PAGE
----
Oregon Senate Republicans
Request Correspondence between Governor’s Office and Campaign Advisers
Salem, OR – Today, Oregon Senate Republicans announced they have submitted a Public Records Request for all correspondence between key Kitzhaber political campaign advisers and the Governor’s office from January 1, 2014 to February 18, 2015.
“During this unprecedented time, following the disgraceful exit of former Governor John Kitzhaber, Oregon finds itself in the national spotlight and at a historical crossroads,” said Senate Republican Leader Ted Ferrioli (R-John Day). “We are concerned the ‘ethical fog’ extends beyond Kitzhaber’s administration to political operatives in the Democrat party and believe Oregonians deserve to know the extent of that connection.” Continue reading
by Sen. Doug Whitsett
The income tax kicker is Oregon’s only spending limitation
Oregon’s March economic and revenue forecast was released last week. The forecast predicts that the state will receive enough revenue, during the remainder of this budget cycle, to trigger the personal income tax “kicker.”
The “kicker” is a refund of excess income taxes paid by Oregon taxpayers. State economists estimate the refund will total $349 million, about $350 for each Oregon family of four.
“Kicker” refunds will no longer be mailed to taxpayers in the form of a refund check. The refund process was changed by the passage of House Bill 3543 during the 2011 session. Continue reading
by NW Spotlight
A few days ago we reported on Gov. Kate Brown’s chilling moves to silence & punish state employees who refused to delete Kitzhaber emails. KATU is reporting today on new findings about Kitzhaber’s dealings in those emails, based on investigation by Willamette Week’s Nigel Jaquiss:
“Emails that former Gov. John Kitzhaber tried to have deleted reveal that he turned decision-making for the troubled state health exchange, Cover Oregon, over to a campaign consultant.” [That consultant was Patricia McCaig – who was not a state employee]
“Kitzhaber secretly turned over Cover Oregon decision-making to McCaig.” Continue reading
by Rep. Mike Nearman
How’s that going to work out for us?
It’s been 16 years since Oregonians passed Measure 67 and legalized medical marijuana. How’s that working out for us? I don’t dispute that marijuana may possibly have some value in medicine, but I’m skeptical of most medical marijuana usage because most of the medical community and the regulatory structure hasn’t come forward to push for its acceptance as medicine.
As of October of this year, there were nearly 70,000 medical marijuana card holders in the state of Oregon, a little less than 2% of the residents of the state. That makes me skeptical, too. Isn’t it amazing how a recreational drug can become so medically effective? That’s one out of every 50 people who has a card. There are 213 medical marijuana dispensaries in Oregon which means that they have an average of about 330 customers each. Can they operate profitably with so few customers? Maybe they have side businesses. Continue reading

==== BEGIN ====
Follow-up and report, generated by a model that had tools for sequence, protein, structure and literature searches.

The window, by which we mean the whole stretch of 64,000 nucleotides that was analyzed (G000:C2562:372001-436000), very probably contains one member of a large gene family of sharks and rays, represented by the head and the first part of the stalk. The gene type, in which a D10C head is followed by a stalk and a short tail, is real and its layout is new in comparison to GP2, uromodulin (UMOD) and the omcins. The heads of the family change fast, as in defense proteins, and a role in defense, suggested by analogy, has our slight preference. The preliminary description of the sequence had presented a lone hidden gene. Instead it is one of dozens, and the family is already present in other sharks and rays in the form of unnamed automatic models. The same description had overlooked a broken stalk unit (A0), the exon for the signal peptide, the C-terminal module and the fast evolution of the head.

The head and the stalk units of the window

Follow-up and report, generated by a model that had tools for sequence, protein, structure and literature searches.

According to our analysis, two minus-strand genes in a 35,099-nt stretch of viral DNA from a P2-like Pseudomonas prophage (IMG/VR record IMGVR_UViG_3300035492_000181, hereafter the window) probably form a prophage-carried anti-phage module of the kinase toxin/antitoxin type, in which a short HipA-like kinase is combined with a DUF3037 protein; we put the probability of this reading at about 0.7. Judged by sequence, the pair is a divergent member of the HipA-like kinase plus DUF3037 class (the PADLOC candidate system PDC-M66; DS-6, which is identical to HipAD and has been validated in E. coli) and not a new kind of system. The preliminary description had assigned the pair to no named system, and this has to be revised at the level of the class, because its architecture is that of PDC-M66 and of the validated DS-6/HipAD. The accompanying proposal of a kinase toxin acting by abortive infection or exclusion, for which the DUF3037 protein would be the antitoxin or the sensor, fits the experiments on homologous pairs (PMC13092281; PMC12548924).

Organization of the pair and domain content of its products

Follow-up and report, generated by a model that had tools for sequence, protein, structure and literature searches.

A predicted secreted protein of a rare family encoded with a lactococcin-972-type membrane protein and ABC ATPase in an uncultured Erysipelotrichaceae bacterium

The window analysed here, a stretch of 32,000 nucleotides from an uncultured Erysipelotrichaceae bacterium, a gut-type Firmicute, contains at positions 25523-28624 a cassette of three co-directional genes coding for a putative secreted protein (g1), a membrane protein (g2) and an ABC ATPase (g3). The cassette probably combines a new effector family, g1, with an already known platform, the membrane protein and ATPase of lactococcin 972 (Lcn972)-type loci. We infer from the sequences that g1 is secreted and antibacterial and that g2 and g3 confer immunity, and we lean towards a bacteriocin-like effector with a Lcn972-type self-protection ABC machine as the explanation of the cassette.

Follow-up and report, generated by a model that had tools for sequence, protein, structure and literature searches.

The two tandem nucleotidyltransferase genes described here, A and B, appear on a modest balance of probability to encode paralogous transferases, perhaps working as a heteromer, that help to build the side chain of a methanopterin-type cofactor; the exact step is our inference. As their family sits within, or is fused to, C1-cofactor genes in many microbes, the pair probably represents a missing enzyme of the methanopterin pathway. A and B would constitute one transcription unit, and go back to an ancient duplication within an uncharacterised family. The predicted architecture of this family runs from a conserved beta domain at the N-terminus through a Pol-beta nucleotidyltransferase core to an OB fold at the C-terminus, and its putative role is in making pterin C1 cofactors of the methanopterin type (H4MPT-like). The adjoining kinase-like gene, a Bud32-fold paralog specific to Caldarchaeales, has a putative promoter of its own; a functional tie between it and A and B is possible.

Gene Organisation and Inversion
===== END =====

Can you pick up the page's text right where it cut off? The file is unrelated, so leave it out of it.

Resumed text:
Right From the Start
The aftermath of the scandal that forced Gov. John Kitzhaber (D) to resign is like watching a cat bury its poop – a lot of litter is scratched up to cover the mess but the poop is still there and the stench is still redolent.
On its face, this is a run of the mill government corruption scandal – money was taken by a government official to influence government actions that would benefit those who gave the money. The “government official” in this instance was Mr. Kitzhaber’s live-in paramour, Cylvia Hayes, whom he routinely identified as “the First Lady.” Ms. Hayes accepted over $200,000 from the Clean Economy Development Center and tens of thousands of dollars from other environmental activists while providing “environmental guidance” to Mr. Kitzhaber’s administrative agencies – presumptively at the behest of Mr. Kitzhaber since this was his “First Lady.” Continue reading
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By Taxpayer Association of Oregon
Oregon Senate Republicans
Senate Democrats Pass Bill Increasing Transportation Costs
SB 411 Lines the Pockets of Trial Lawyers at the Expense of Oregon Families
Salem, OR – Today, the Oregon Senate passed SB 411 in a partisan vote, sending a $110 bill to Oregon families for higher auto insurance premiums. SB 411, part of a Portland-centric anti-transportation agenda set by the Democrat supermajority, raises auto insurance costs for working Oregon families trying to get to work and school.
“SB 411, alongside the hidden gas tax passed in the Senate last week, increases transportation costs at the expense of Oregonians and fails to prioritize maintaining safe roads, signaling rough roads ahead,” said Senator Fred Girod (R-Stayton). “This is nothing more than another unfunded mandate on Oregonians trying to make ends meet.” Continue reading